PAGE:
|Lycus sanguinipennis, Lygistopterus rubripennis, Lycus fulvellus femoratus, Lycus arizonensis|
Two weeks ago, I posted this series of Lycids (Net-winged Beetles) from Mount Lemmon on my blog. Joe Cicero, a friend and former college who has moved to Florida and now probably misses Tucson, commented that there is another smaller species on the mountain.
|Joe Cicero's collection of Adoceta apicalis|
He was talking about Adoceta apicalis
which he described as a small look-a-like of Lygistopterus rubripennis.
In 1950 two North American species in the genus Adoceta
were described by Green from only very few specimens each. It seems that no others were found for a long time, maybe until Joe discovered a few specimens some years ago under pine bark on Mt. Lemmon. These were Adoceta apicalis.
They are smaller than the Lycids I showed last week, the wings quite parallel sided, and head and pronotum is black. The elytra end in an apical black band. Joe challenged me to find more of them.
| Lyomorpha regulus, small Milkweed Bug, Sisenes championi, Ptychoglene phrada.|
Last Wednesday, Ceanothus fendleri
and Ceanothus integerrimus
were in full bloom along the path that crosses an area that was heavily burned several years ago. There were plenty of red and orange things crawling on the flowers, from false blister beetles to moths, seed bugs and tarantula hawks (not pictured).
|Some strange Lycids|
Leslie Eguchi and I were shooting pictures of many different flower visitors and eventually came across an accumulation of small, narrow Lycids that were mating on the blooming bushes. There seemed to be many dozens of them. (Joe Cicero explains that Lycids not only congregate to mate, the females also come together and oviposit in groups. He thinks that I may have happened upon a mass emergence from a 'group-clutch' like that.)
|Mating pair of Adoceta ignita|
I was thrilled that I had found Joe's species. But being part of a group of naturalists who usually don't collect and who might be offended, I only collected a few specimens, making sure to get males (there were many) and females (much fewer) both.
Later, from home I sent photos to Joe to report proudly "mission accomplished".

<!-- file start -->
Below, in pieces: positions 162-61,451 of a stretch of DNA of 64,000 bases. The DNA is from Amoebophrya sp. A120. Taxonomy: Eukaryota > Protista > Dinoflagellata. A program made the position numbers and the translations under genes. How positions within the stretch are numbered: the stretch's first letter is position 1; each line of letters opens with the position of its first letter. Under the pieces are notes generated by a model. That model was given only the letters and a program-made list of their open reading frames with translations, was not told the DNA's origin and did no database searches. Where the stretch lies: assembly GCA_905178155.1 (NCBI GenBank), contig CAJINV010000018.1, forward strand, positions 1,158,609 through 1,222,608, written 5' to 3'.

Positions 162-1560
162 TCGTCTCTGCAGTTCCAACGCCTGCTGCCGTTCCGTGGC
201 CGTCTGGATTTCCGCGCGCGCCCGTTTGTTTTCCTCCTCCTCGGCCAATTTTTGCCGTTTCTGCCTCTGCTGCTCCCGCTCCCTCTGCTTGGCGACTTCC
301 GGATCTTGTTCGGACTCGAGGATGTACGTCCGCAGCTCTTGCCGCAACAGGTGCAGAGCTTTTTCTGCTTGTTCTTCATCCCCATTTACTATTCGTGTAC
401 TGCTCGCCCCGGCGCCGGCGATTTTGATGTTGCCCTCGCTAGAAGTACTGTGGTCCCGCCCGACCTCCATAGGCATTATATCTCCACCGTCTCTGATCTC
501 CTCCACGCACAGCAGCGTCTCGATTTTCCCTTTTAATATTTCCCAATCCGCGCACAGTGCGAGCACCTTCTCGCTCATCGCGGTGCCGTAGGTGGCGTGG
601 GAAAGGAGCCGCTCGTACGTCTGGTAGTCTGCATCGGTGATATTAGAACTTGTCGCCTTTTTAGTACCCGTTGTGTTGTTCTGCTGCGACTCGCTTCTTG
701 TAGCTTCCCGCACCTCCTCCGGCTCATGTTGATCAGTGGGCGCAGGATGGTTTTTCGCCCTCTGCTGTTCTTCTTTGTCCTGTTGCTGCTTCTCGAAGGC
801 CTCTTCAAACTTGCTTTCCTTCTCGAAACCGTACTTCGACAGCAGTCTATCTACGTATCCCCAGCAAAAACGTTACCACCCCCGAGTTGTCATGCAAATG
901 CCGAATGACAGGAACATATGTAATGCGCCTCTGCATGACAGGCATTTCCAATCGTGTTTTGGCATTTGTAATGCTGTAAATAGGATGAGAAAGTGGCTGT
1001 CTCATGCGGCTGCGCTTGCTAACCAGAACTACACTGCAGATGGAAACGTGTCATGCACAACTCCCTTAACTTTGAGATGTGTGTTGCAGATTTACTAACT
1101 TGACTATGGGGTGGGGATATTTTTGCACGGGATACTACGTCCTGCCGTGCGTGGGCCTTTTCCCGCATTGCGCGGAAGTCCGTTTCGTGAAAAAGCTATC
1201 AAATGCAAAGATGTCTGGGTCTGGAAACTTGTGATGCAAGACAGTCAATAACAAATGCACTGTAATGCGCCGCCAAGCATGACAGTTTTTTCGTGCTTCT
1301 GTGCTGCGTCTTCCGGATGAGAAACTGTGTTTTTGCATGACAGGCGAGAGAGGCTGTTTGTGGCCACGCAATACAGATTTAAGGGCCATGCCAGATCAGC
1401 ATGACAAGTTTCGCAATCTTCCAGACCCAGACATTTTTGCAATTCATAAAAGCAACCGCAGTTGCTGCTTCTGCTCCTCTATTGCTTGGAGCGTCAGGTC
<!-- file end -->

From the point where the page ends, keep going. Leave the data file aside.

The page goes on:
I was pretty disappointed when Joe at first glance called my beetles 'just small Lycus sanguinipennis'
- he had immediately noticed that the pronotum of these guys wasn't black ... and then he thought that maybe I had a new species ...
|Male and female of Adoceta ignita|
When I posted my photo on our SW Arthropods page on Facebook, Arthur Evans had the great idea to share it with an international group that concentrates on a related beetle family, the Soldier Beetles, Net-winged Beetles (Lycids) and Soldier Beetles (Cantharids) are similar enough to interest some of the same taxonomists, and soon we heard back from Michael Geiser in Switzerland:
keys out as Adoceta ignita Green, 1950, a species I've never seen
before (so the ID is just based on the description). A. ignita was
described from two specimens from Arizona and is apparently very rare. I
don't know how many times it was found after the description." Soon other specialists in the field like Michael Ivie and Vinicius Ferreira were alerted to our quest and agreed wit Michael Geiser's ID.
We also learned that there is an ongoing discussion about the taxonomic status of the genus Adoceta
. In their 2017 paper Motyka et al. merged the genus Adoceta
with the genus Lygistopterus.
But since until now there were only so few specimens of the American species, these were not part of the genetic sequencing that the study was based on.
We will now send a specimen to the lab around Bocak -
I'm curious what the result will be.
I also thought I would get up the mountain in time to collect a few more specimens, but right now Catalina Highway is closed because of an out of control wild fire. So I'm afraid the species I found may just get lost again.
|so far unidentified specimen which has to be another A.ignita in the SWRS collection|
After this blog was published, I got an email from Michele Lanan, the new resident scientist at the AMNH's Southwestern Research Station in the
Chiricahuas. She checked the holdings of their collection because every AZ sky island (and Sonoran, too?) may provide similar habitats, at the right elevation, to the Ceanothus areas in the Catalinas. Sure enough, a so far unidentified treasure was found.
References to cited papers will be added later
How fun and exciting that these were discovered! You got great photos of them. I hope the fire is out soon and we are able to get back up to Mt Lemmon, and hopefully you can locate more.ReplyDelete
Great work Margarethe! Fingers crossed.ReplyDelete
A big Congrats on the rediscovery! Really exciting find and beautiful pictures. Thanks for 'dragging' me up there during my recent trip. I need to spend more time on that mountain.ReplyDelete